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By Nadja Spiegelman
By Mieko Kawakami
Translated by Sam Bett and David Boyd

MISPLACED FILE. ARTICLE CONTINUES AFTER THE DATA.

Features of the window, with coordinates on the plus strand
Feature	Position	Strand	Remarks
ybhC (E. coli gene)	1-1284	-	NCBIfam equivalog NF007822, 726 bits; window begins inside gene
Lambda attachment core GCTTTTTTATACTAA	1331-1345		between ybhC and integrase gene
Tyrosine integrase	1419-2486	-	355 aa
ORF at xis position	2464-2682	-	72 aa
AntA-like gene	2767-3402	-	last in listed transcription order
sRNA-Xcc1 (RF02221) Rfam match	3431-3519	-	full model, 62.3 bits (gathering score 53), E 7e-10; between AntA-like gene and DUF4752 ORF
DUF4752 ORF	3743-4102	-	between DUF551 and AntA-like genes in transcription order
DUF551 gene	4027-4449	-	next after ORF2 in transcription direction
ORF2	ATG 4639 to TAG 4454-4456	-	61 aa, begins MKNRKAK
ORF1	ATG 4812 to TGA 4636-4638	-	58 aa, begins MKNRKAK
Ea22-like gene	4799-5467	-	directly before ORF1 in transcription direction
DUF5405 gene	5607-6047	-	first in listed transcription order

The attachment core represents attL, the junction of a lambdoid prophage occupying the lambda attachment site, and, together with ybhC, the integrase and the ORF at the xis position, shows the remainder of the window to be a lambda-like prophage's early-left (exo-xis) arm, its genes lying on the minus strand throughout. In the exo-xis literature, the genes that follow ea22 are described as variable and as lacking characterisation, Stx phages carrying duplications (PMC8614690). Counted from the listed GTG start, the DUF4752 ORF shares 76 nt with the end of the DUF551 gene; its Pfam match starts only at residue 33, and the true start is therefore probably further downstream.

Have you allowed yourself to forget, perhaps for the purposes of survival, the intense clarity with which you saw the world at 14? I don’t mean the strength of the emotions you felt, the ones that linger with us as adults in manageable, washed-out shades — lust, love, shame, rage. I mean the way that the arbitrary injustice of the world, and its cruel divisions — rich and poor, weak and strong — made themselves starkly apparent. The Japanese novelist Mieko Kawakami has not forgotten. “We often talk about death being absolute,” she told The Guardian last year, “but I can’t help but think that being born is no less final.” Her characters grapple with the most fundamental obscenity: that of being alive at all.
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